Sunday 19th May 2014
10 miles including station links
Toilets: Petts Wood Station; Pub in Farnborough; Church Road, Farnborough; High Elms Country Park; Fox Inn pub, Keston; The Greyhound pub, Keston; New Inn pub, Hayes (participates in Community Toilet Scheme).
Finally, a proper walk! I’ve spent the last six months up to my eyeballs in coursework deadlines and exams. Going for a proper walk again was a huge relief. It was an absolutely beautiful day, with brilliant weather and blue skies, although all my photos came out really badly.
I think I’ve mentioned before that the London Loop is not always favoured among walkers, on account of it being not quite rural enough, and that you might as well either do the Capital Ring, or go out into some proper countryside. I have also mentioned during some of the canal sections that sometimes, being on the “forgotten fringes at the edge of town” is quite interesting in itself and not necessarily a wishy-washy option. However, a lot of this walk had a properly rural feel to it. The route went down quiet residential roads and passed in and out of woodland. Jubilee Country Park had a great feeling of open space. As for the woodland later on, I never tire of posting photos like this because it’s my favourite type of footpath.
I’m going to make a complaint about the London Loop, though: the signposting isn’t excellent, and we knew that already, but it has this annoying habit of having signposts about a minute after you actually need them. You’ll get to a fork in a path or a confusing bit, spend five minutes looking at the map and working out where you’re supposed to go, and only then do they tell you “yes, it’s this way”. I’ve lost count of the number of times this has happened, the number of times I’ve wanted to uproot signposts and put them about fifty metres earlier. So annoying.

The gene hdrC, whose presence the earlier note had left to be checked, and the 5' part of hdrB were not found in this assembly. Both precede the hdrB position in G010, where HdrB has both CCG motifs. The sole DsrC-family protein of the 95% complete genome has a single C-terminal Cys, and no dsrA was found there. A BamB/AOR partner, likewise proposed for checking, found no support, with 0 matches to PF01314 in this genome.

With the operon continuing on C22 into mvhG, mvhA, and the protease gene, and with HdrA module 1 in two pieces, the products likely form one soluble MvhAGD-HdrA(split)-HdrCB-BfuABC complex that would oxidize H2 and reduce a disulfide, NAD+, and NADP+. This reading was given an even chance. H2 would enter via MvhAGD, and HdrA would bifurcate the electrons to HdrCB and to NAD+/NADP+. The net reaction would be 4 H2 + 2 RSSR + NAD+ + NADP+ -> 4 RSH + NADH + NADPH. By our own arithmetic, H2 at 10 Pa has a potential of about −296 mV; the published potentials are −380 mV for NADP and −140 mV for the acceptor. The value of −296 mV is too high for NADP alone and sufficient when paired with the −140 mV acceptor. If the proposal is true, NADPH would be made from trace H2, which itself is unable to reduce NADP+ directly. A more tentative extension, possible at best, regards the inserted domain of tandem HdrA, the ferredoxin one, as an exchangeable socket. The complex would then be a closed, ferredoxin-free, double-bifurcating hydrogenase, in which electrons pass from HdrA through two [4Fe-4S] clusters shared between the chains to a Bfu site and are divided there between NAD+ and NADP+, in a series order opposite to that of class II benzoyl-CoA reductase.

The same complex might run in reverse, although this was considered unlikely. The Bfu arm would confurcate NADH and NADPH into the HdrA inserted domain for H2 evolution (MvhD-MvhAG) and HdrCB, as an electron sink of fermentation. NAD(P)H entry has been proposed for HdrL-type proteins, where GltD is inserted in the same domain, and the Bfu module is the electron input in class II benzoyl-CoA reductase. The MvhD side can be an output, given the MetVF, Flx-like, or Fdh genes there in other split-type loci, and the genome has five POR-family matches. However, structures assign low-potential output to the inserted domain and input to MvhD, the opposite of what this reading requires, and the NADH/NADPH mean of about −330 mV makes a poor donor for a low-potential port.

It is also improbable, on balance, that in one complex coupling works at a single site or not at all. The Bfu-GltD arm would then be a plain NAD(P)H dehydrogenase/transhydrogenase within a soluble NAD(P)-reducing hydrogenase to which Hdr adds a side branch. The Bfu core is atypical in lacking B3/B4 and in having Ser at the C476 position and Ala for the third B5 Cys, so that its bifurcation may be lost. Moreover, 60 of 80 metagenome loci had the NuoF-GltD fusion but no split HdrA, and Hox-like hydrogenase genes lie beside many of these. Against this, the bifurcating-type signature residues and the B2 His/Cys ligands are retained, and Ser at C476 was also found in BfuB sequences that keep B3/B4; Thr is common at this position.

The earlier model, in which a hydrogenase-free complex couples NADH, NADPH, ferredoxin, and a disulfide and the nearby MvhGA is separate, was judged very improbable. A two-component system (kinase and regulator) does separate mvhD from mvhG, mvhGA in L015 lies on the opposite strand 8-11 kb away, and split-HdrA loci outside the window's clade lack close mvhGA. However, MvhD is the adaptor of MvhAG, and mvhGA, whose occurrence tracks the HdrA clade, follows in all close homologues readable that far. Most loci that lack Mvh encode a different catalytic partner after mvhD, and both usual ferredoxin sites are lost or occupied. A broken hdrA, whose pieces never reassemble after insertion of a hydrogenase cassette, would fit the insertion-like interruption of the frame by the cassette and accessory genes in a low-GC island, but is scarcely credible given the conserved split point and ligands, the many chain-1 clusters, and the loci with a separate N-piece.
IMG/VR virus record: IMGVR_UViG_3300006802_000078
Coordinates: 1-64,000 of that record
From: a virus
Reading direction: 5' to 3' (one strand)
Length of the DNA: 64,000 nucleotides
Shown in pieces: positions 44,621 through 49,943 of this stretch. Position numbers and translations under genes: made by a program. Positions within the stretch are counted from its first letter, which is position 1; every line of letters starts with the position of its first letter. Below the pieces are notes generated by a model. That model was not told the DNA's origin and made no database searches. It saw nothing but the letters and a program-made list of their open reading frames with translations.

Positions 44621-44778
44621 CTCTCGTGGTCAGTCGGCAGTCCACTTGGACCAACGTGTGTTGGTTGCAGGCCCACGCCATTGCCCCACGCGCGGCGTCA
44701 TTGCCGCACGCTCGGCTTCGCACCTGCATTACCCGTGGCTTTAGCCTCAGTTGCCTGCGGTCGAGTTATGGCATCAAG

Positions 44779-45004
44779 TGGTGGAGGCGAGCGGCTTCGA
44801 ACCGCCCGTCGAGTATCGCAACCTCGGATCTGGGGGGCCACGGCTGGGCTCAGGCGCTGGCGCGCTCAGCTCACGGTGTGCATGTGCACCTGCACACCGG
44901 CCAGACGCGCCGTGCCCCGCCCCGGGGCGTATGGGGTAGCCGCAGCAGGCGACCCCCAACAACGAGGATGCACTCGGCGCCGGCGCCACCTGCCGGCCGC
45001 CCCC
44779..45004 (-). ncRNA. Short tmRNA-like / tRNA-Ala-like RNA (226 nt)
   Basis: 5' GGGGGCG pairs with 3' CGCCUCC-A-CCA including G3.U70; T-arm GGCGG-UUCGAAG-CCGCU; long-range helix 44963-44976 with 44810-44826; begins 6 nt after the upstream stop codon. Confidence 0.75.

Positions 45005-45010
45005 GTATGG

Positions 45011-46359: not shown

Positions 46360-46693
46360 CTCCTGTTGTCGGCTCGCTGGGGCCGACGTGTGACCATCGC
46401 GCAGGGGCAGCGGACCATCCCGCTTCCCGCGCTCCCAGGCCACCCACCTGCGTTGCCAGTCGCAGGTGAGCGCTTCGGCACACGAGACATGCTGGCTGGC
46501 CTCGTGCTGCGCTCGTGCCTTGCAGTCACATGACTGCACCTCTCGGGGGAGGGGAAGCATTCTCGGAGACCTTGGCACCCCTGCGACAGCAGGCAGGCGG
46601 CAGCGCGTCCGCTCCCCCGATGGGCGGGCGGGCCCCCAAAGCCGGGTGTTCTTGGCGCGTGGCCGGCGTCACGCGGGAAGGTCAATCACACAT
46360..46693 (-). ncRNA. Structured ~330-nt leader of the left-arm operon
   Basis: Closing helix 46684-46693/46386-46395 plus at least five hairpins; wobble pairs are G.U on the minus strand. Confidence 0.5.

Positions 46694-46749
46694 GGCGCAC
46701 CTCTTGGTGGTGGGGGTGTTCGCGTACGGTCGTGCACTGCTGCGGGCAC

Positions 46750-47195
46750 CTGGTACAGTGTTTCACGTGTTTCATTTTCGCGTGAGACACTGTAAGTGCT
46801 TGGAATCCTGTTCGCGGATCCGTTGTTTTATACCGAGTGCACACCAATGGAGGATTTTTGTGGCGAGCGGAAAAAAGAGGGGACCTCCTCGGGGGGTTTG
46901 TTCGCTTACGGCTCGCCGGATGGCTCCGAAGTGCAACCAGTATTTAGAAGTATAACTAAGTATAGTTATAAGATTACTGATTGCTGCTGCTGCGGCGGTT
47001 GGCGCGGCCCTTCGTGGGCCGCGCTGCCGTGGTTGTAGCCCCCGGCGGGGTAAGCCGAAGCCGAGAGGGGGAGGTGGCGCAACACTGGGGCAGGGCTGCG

We passed through Farnborough, where the High Street had a villagey feel.
Unfortunately we took a wrong turning after this, missing the public toilet on Church Road. We made our way through a field back to the proper route, emerging into the grounds of St Giles the Abbot church.
The next point of interest was High Elms Country Park, which forms part of the High Elms Estate. Once a private country estate, it’s now owned by Bromley Council. It was advertised as having public toilets, but the gates were well and truly locked when we got there – very useful for a busy Sunday afternoon. Luckily there was a loo at the cafe. We sat outside in the grounds and had a picnic lunch.
Further down the path we passed the High Elms Clockhouse, originally used for letting Victorian farm workers know when their lunch break was over.
Next up was the delightfully-named Bogey Lane, a lovely winding route.
One thing I failed to take an even halfway decent photo of was the Wilberforce Seat, where William Wilberforce decided the slave trade should abolished.
There was a bit of a change of scenery at Keston Common, which was a lot more open and contained springs at the source of the River Ravensbourne. Lots of people were stopping by the ponds and enjoying the sunshine.
In Keston itself we stopped for a drink at the Fox Inn. About a minute after leaving, we noticed the Greyhound, which might just have been a better pub. Always the way.
The path continued through a narrow stretch of woodland full of interesting trees.
We ended at Hayes, from where we took the train back to Charing Cross. If you’re looking up train times, make sure you go for Hayes (Kent), not to be confused with Hayes & Harlington.
I know I haven’t exactly sold this walk, but it was actually amazing. It’s just that I was too busy going “OMG, no more revision! Look, trees!” to make enough interesting notes about the route. It’s highly recommended.